The column that if you need women’s sizes 10 and 12 donated by a Peebles clothes horse, stop down at Goldie Wulderk’s Senior Thrift & Caring Center on East Commerce Street just down from the Ashley-McCormick and Gallery 50 in Bridgeton later tomorrow for a nickel on a dollar.
By Jack Hummel
Radio: 92.1 FM WVLT Saturdays noon to 2 p.m.
U.S. Army: RA13815980
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Don’t forget, Bruce (ACO) Barry will be on 92.1 FM Saturday noon to 2 p.m. just to please Rose Smith, from Pennsville, who says we never talk about Salem County.
Bruce runs the shelter down by the river in Pennsville, where we tried to make a dent a couple of years ago, but the people who ran it were more afraid of city council than forcing progress.
Bruce will be on with Animal Friends Foundation’s Ric Kuhns and Rescue Dogs Rock’s Linda Eisenberg to deal with the feral cat explosion and anything else they want to talk about.
Eisenberg will certainly want to discuss The Spot, 618 E. Landis Ave., where she has A Novel Idea — Chapter II, meaning book store at its second location (it’s actually the third), but she has expanded to other niche items you can’t find anywhere else.
Kuhns would like to have help from you so he can’t stop spending all of his own money on helping feral cats.
Instead of holding important events at Cumberland County College, you need only turn on the radio or your computer to join in with us o an important issue. We know Cumberland County is transportation challenged.
What we now want to k now is (1), why doesn’t Salem County ask for its SPCA charter back, especially when Robin Buoncoure is working so hard on her own saving cats, and (2), why does 9 Fordham Rd. look like a shit house in a nice neighborhood?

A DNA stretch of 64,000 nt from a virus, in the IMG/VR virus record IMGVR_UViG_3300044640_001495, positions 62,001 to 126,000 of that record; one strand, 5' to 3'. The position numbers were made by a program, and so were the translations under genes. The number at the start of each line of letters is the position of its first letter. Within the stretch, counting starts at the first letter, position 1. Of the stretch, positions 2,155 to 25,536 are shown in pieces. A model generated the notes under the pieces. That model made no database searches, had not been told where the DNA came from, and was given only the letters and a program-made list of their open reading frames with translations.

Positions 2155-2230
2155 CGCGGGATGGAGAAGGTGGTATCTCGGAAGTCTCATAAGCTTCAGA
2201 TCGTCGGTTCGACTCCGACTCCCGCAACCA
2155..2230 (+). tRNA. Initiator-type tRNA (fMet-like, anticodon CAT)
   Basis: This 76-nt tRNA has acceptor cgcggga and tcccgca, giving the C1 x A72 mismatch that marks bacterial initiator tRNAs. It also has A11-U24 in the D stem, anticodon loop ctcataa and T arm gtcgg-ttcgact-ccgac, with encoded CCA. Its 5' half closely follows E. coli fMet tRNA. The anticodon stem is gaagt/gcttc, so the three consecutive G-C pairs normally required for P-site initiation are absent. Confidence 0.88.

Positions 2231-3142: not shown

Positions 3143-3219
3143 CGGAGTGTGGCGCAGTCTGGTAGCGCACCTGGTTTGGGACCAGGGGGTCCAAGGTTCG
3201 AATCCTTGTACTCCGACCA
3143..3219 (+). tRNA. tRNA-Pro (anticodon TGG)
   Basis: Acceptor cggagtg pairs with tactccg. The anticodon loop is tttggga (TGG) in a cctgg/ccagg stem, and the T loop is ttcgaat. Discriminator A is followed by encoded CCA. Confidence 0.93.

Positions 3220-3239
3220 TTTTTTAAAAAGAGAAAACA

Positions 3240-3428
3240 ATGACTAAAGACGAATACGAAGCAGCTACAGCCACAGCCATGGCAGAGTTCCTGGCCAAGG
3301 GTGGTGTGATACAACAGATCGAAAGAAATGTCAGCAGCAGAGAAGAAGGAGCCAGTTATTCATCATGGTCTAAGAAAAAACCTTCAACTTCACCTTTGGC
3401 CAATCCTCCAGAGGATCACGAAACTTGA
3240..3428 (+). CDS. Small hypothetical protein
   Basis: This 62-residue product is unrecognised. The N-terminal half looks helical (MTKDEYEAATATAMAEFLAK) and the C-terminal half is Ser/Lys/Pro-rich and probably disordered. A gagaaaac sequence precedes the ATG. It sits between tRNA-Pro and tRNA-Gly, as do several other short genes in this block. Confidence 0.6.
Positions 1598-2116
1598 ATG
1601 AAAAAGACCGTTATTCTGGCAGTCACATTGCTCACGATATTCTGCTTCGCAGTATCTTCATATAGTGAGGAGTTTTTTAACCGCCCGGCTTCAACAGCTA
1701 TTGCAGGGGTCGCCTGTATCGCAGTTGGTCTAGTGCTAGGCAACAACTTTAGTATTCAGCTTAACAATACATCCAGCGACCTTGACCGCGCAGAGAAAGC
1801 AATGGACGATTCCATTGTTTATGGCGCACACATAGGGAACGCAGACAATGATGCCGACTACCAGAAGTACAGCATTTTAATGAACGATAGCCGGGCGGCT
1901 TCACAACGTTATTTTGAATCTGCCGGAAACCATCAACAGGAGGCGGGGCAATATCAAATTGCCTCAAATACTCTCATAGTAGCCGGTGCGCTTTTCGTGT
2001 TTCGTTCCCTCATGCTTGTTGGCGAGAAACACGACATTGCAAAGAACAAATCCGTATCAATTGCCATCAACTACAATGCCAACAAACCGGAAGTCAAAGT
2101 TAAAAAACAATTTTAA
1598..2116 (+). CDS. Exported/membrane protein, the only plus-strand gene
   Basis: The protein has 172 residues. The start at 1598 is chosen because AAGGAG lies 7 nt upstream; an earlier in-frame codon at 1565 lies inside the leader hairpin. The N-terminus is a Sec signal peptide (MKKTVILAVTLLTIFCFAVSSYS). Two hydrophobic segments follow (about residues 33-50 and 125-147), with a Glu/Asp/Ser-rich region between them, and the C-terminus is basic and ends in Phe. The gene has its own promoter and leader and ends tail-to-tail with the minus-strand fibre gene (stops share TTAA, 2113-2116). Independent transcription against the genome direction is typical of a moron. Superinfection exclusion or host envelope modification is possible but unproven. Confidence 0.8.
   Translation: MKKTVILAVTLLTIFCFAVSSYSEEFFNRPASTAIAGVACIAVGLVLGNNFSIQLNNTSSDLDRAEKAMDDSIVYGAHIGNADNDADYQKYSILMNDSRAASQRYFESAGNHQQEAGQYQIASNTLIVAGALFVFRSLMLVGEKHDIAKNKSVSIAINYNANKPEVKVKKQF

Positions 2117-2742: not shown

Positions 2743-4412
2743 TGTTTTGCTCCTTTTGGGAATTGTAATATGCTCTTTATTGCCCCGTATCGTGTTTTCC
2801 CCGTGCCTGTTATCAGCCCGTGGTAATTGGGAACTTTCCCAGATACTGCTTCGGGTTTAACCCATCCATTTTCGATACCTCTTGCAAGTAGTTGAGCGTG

A little history
Nov. 13, 2012
A kitten dropped by a mother cat, who didn’t come back to retrieve it.
The person who found it was Robin Buoncuore, in Quinton Township.
That was 10 years ago.
And that’s when Maddie & Friends was born.
“I named her Maddie and later went to the area to see where she came from,’’ said Buoncuore.
It was there that she came upon the colony, where approximately 60 cats were living.
“My husband and I started, out of pocket, removing kittens and finding them homes,’’ she recalled. “We spay/neutered the teenagers and older cats.’’
Teenagers were relocated to area barns (with permission) and the older cats were returned. And food and shelter was provided.
Today, there is one remaining female in one area of the colony and four in another area. Maddie celebrated her 10th birthday in July. Maddie & Friends has a petfinder site, maddieandfriends.petfinder.com, and a Facebook page.
Ray Charles was just found with his littermates the weekend before Hurricane Sandy. He was left outside without proper care. His photo is obscene. Kittens many times get URI, eye infections, etc.
“Ray Charles had an eye infection, which left untreated caused his eyes to rupture,’’ she said.
He is blind. His littermates had minor infections, which cleared up with antibiotic.
Uno has a similar story, except he was lucky enough to only have one eye rupture. Uno is up for adoption.
“Ray Charles’ story touched someone’s heart, and he will be going home to a forever home in Maryland in December,” said Robin.
But no one is doing a victory dance because there is so much more to do.
“We have partnered with the Society to Protect Animals to offer the public these services through the Delaware SPCA,” said Robin. “The SPCA comes to New Jersey once a month, picks up the cats at a designated location, and transports them to their facility, where they have surgery and receive rabies and distemper shots.
“The cats are returned the following day.”
Cats are euthanized at a rate of 80 percent (sometimes higher) in shelters. What that translates to is that out of every 100 cats to enter shelters in New Jersey, more than 80 are killed.
The goal is to spay and neuter cats so they can no longer reproduce, which will reduce the numbers entering shelters.
“We do minimal rescue, not animal control. We are a small group of volunteers,” she said “No one receives a salary. Animals in our care are fostered by volunteers, in home, until permanent homes are found. They are vetted, receive shots, and are tested for feline AIDS/Leukemia. Many times they require additional treatment for various health issues.”
Every fall, they hold a holiday auction/fundraiser at the Salem County FOP in Pennsville.
This year, the auction is Thursday, Nov. 15.
Proceeds help fund our spay/neuter clinics and cover the cost of veterinary care, food, supplies etc., for cats/kittens waiting for adoption.
“This year, during our fundraiser, we will collect monetary donations for Cape Atlantic Cats in Ocean City,” said Buoncuore. “The cats were removed prior to Hurricane Sandy, but the shelter is a total mess. They lost equipment, climbers, etc.”